Where The Wild Things Are by Maurice Sendak was a book that I read to my daughter, Jennifer, in the early ‘80s. The book was adapted to film and released in October 2009, the same month my granddaughter, Jane, entered the world. She was born with congenital heart defects, conditions that no one knew about during Jennifer’s pregnancy.
About a week and a half after Jane was born she was temporarily discharged home. Jennifer and I had plans to see Where The Wild Things Are long before we knew about Jane’s health problems. We were able to see it together. Jane was at home sleeping, tucked away in her bassinet, Daddy nearby.
The book has 21 pages of text. The movie expounded upon Sendak’s humongous creatures and Max’s imagination. All at once my role as mother, grandmother, and the memories of being a little girl with a big imagination played throughout the film. As an occupational therapist who works in mental health, I thought the wild things had issues, such as depression and anger management problems, just like adults. The uncertainty of Jane’s health made me want to roar a terrible roar.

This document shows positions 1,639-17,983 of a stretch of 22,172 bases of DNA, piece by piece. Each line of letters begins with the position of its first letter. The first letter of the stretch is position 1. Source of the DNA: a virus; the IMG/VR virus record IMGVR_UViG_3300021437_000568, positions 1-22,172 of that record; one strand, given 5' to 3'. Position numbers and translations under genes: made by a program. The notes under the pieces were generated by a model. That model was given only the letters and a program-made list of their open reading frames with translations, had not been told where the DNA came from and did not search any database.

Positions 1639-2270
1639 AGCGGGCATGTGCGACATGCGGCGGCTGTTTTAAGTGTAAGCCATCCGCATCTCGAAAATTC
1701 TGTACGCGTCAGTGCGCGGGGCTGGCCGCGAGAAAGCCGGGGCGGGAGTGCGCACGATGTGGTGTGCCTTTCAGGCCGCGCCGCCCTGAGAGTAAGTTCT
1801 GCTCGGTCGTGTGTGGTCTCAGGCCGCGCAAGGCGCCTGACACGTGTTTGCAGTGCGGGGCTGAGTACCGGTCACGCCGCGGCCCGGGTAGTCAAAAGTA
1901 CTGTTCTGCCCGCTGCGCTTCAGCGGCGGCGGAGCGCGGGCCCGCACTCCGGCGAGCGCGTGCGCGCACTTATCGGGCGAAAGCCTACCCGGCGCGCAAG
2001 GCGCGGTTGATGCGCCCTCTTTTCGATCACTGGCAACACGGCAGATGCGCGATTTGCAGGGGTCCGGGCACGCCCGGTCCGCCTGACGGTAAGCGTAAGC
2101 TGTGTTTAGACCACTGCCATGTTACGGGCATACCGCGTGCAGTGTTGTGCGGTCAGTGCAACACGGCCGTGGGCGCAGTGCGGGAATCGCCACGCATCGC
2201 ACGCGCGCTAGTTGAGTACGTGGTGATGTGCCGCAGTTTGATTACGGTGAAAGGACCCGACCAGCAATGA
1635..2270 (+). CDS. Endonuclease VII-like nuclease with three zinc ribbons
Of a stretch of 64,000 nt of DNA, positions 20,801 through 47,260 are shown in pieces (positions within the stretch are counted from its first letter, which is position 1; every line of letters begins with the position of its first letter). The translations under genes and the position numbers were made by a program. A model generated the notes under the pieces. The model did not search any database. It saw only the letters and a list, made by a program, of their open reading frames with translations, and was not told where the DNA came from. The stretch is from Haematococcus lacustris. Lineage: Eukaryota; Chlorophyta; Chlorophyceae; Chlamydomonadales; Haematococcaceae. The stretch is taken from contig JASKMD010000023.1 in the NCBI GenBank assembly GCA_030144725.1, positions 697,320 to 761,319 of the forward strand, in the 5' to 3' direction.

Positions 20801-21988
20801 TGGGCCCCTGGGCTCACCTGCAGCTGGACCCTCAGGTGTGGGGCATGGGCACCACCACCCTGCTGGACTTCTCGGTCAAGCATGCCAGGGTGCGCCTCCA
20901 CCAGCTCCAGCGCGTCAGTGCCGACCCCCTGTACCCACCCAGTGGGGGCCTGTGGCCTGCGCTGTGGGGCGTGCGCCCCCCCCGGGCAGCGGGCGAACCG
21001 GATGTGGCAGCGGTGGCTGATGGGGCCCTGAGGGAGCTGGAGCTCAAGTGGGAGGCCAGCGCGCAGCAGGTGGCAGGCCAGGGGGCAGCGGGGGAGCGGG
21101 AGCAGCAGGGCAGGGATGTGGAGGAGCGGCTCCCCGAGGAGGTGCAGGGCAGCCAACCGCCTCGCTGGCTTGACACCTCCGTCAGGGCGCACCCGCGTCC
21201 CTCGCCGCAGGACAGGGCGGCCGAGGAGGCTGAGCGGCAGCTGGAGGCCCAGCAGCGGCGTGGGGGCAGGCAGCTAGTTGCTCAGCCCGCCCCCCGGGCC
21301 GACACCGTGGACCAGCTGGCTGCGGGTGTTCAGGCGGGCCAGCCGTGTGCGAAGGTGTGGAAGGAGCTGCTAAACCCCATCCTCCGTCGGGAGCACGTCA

When Jane was old enough, I read the book to her. I look forward to watching the film with her someday, maybe starting a wild rumpus, too.